The Active Amputee Autumn Special: Enock Glidden Week - part III

Enock's climb up Astroman was a major group effort, often depending on the kindness of strangers (picture courtesy of Enock Glidden)
Enock's climb up Astroman was a major group effort, often depending on the kindness of strangers (picture courtesy of Enock Glidden)

The Enock Glidden special

Wow, what an unbelievable feat: Climbing Astroman in the Yosemite valley, using fixed ropes and several thousand pull-ups. Today Enock lets us in on his thoughts when coming back from his first trip to California.



Thank You Just Isn’t Enough

I am back in Maine and am at a loss as to how to thank everyone for the opportunity I was given and the people that made it possible, mostly strangers, but came away as friends. The sadness comes from missing my second family of climbers and the beauty of Yosemite.


I am amazed at the kindness of the climbing community. When you are a climber it is like having a second family. There are always people willing to help you meet your goals and to just be a friend when needed. I have many amazing memories to take with me from this trip from meeting famous climbers and being treated as a friend to spending lots of time at El Capitan bridge just hanging out and learning from the various climbers who spent time there. I also spent time just watching deer in the water below the bridge and taking in the unbelievable scenery of the Valley. I have a memory of the one night I spent in a tent in Camp 4 and it poured all night and using my raincoat to cover my wheelchair. Thank God Sean O’Neill pushed me to buy that coat, haha. I would have had one wet day sitting in that chair the next day if not for that coat. Also, I don’t ever want to do that again if I can avoid it, haha. I am also very grateful for Mash Alexander allowing me to stay with him in his tent/cabin for the other nights I was there. That one night in the tent made me so much more grateful. Skiy Detray, Ken Kreis, Adam Fisher, Maddy Pickering, Nathan Pacheco, Kiyoko Davis, Craig Muderlak, Nick Sullens, and Christian Cattell also were extremely integral to making my goal happen even if it did change. They helped me train and helped me climb Astroman on 'The Column'. There is no way it would have happened if they were not a part of my life and I hope they all will be for many more climbs in the future. There are also about 20 other people that I failed to get the names of who carried me for close to 2 hours into the base and then back out after the climb that deserve a huge thanks.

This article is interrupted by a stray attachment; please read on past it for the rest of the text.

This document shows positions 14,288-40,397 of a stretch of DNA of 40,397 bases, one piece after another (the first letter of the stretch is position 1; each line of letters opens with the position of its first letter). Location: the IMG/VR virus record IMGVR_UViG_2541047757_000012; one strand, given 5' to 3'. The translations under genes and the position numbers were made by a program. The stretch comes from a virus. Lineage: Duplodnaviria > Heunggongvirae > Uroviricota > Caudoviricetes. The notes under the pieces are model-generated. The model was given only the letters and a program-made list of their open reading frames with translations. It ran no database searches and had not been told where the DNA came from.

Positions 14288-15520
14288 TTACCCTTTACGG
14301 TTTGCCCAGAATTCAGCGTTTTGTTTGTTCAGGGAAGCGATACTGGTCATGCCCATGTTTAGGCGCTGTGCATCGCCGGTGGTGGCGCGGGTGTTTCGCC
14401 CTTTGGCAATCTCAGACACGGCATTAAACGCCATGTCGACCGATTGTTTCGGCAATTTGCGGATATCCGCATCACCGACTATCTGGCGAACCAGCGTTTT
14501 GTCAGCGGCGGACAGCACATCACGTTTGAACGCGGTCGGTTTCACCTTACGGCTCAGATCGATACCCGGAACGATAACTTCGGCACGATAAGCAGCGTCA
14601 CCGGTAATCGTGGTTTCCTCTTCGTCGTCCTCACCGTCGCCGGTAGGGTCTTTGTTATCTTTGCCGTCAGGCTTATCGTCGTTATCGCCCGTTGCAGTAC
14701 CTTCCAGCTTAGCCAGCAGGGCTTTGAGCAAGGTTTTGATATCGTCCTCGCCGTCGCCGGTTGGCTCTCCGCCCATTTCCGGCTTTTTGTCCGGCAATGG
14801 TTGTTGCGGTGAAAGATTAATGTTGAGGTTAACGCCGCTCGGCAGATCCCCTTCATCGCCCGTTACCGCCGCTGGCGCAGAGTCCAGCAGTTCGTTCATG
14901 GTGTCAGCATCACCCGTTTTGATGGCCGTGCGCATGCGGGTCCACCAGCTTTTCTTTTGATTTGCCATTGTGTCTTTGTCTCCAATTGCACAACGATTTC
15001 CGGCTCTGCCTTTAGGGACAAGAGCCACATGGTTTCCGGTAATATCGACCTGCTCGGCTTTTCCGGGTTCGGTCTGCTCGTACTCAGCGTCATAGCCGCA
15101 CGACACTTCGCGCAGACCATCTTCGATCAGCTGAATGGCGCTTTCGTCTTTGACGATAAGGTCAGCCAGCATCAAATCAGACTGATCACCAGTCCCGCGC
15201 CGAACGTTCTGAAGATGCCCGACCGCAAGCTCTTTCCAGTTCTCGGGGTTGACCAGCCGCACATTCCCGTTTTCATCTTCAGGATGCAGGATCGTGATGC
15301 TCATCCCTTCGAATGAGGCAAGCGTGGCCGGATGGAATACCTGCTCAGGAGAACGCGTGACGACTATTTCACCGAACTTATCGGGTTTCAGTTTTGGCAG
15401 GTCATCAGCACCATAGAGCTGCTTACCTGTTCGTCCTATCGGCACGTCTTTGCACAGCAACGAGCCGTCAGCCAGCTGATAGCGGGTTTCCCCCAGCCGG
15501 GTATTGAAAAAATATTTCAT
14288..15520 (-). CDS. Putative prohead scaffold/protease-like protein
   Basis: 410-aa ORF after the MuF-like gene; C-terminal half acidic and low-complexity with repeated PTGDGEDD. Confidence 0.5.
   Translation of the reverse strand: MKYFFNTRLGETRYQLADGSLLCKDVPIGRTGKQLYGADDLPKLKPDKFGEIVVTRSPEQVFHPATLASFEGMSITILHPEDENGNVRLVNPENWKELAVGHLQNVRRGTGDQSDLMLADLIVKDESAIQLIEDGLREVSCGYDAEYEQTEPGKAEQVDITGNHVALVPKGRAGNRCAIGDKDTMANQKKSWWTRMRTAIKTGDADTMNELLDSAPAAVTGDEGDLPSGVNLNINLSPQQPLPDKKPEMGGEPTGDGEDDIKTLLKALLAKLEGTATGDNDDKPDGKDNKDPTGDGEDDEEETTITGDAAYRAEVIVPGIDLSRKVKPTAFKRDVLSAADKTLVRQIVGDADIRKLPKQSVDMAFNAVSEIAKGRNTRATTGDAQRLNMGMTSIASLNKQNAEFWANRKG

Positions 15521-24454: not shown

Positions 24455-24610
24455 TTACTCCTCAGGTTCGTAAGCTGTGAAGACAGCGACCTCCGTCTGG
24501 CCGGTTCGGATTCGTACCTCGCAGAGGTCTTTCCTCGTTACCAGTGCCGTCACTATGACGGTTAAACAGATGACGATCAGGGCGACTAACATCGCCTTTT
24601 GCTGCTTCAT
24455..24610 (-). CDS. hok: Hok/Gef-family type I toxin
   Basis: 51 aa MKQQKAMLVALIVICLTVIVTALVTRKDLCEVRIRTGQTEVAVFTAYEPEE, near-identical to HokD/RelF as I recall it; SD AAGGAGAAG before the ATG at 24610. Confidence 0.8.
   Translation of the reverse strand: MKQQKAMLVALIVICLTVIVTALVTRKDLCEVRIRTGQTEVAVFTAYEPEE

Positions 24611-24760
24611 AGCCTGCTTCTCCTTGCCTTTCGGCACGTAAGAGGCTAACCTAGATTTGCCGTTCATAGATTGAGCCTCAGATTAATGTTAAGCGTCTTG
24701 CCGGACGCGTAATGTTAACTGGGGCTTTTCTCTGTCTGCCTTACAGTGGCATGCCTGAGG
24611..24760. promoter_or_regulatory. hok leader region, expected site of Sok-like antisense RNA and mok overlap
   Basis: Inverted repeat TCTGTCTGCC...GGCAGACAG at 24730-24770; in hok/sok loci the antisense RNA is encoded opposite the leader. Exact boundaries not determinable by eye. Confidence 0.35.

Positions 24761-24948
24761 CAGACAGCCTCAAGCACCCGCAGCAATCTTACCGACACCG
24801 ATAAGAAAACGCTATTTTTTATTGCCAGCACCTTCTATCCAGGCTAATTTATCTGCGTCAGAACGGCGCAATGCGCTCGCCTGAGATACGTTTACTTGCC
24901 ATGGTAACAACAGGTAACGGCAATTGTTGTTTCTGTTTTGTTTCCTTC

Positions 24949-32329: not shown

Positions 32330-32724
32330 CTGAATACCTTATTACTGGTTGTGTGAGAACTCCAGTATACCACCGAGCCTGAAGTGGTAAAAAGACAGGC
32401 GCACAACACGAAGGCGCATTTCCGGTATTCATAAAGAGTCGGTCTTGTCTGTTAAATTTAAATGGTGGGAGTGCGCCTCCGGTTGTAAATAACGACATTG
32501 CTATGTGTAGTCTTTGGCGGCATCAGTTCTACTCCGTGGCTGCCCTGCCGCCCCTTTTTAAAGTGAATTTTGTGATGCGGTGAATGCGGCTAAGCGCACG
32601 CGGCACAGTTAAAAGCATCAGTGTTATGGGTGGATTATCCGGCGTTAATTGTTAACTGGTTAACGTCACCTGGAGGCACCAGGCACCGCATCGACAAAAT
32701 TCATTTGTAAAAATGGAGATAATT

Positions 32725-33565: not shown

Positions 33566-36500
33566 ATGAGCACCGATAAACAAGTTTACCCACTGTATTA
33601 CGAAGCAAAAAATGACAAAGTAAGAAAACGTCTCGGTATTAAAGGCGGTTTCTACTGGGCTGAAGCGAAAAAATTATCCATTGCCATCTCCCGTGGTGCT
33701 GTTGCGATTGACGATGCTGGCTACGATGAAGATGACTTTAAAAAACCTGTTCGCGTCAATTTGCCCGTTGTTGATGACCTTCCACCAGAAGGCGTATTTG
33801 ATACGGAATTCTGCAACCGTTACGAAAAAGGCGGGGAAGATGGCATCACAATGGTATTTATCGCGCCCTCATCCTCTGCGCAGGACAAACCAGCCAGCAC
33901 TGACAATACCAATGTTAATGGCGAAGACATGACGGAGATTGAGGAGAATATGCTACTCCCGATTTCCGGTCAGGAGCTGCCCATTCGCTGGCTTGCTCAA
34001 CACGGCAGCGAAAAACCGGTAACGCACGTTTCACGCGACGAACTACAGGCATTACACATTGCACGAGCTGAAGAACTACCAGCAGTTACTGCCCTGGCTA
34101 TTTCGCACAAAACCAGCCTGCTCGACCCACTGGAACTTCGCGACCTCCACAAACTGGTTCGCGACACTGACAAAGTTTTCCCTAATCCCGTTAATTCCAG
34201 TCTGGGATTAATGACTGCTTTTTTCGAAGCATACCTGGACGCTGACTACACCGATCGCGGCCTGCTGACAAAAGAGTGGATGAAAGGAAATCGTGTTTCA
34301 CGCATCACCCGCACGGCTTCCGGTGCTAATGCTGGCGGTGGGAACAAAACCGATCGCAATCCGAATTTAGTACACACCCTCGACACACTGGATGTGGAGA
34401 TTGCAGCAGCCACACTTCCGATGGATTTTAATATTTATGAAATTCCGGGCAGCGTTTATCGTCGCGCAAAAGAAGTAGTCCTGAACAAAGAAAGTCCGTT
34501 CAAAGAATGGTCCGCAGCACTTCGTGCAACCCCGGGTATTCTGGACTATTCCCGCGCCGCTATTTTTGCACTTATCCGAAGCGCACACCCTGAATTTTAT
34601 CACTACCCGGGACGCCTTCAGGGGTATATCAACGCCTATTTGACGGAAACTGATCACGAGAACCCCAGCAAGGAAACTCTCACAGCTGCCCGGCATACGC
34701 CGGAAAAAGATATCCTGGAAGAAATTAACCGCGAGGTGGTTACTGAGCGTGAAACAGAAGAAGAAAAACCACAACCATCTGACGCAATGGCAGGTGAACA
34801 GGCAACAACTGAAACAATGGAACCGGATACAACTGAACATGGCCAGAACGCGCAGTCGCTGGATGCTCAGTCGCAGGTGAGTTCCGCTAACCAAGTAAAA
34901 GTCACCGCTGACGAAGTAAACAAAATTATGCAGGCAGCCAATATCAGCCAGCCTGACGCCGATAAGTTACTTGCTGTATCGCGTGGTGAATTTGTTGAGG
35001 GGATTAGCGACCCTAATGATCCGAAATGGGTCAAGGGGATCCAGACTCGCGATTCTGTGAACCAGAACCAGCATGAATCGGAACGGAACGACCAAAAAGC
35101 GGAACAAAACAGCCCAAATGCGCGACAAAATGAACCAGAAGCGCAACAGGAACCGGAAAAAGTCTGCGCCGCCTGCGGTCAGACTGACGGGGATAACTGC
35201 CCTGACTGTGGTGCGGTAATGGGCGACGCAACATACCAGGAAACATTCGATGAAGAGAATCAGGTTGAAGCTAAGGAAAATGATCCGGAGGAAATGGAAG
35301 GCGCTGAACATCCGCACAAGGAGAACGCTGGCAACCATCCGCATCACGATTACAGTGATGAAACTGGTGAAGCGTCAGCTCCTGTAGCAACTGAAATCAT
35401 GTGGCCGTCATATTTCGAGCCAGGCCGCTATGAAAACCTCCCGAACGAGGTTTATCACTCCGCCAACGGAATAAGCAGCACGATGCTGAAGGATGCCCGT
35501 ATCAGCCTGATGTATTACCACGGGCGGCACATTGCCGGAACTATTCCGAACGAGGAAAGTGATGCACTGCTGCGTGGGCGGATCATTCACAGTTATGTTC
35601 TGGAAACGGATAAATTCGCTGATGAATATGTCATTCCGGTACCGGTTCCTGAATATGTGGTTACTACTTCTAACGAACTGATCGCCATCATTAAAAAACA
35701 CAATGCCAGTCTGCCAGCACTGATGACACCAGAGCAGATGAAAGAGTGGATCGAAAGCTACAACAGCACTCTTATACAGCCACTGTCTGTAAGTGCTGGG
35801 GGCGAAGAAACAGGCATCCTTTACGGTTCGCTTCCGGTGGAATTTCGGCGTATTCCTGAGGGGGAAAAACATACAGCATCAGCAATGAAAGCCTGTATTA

Over time I started to become known to the people in the Valley and it felt like I had a second family. I couldn’t go anywhere without someone saying ”Hi Enock!” I will miss that about Yosemite. Everyone is very friendly. I also found friends that didn’t see me as the guy in the wheelchair but as another climber who needed direction and knowledge that could only be found by visiting the Mecca of climbing.


I came away from this trip with a vastly different outlook on climbing and what is involved in undertaking an expedition, such as climbing a big wall. I am very grateful for the people that spoke up and said hey you need to do this and this before you do a big wall so let’s try something else so we can figure things out. Come back another time when you have it dialed in and that is exactly what I am doing.


I already have chosen some of the things I will need and in the near future will hopefully acquire everything for a possible ascent of Zodiac on 'The Captain' in the spring if not then fall.


There is one more “Thank You!” that needs to be said. I want to thank everyone on Facebook and on my blog for the kind words of encouragement and comments that made me feel really great about what I am doing.


For those that felt I am inspirational to them, I would like to encourage you to be inspired to get out and try something you have always wanted to because when you try something happens. It may not be what you expected but if you keep trying you will reach whatever goal you set out to achieve. So just think to yourself what I most want to do in life and then set small goals to get there. I would love to hear about anything you do try and anything I inspired you to do.


Now that I am back home it is time to start training even harder and planning the next big thing. It may be Mt. Rainier or there may be something big before that. It is now time to focus and get things done.



Guest post by Enock Glidden. As a person growing up with Spina Bifida, Enock had to develop his own ways to do things from an early age onwards. He is an accomplished rock climber, is involed with Pradoxsports and shares his adventures on his blog 'Go Beyond The Fence'. .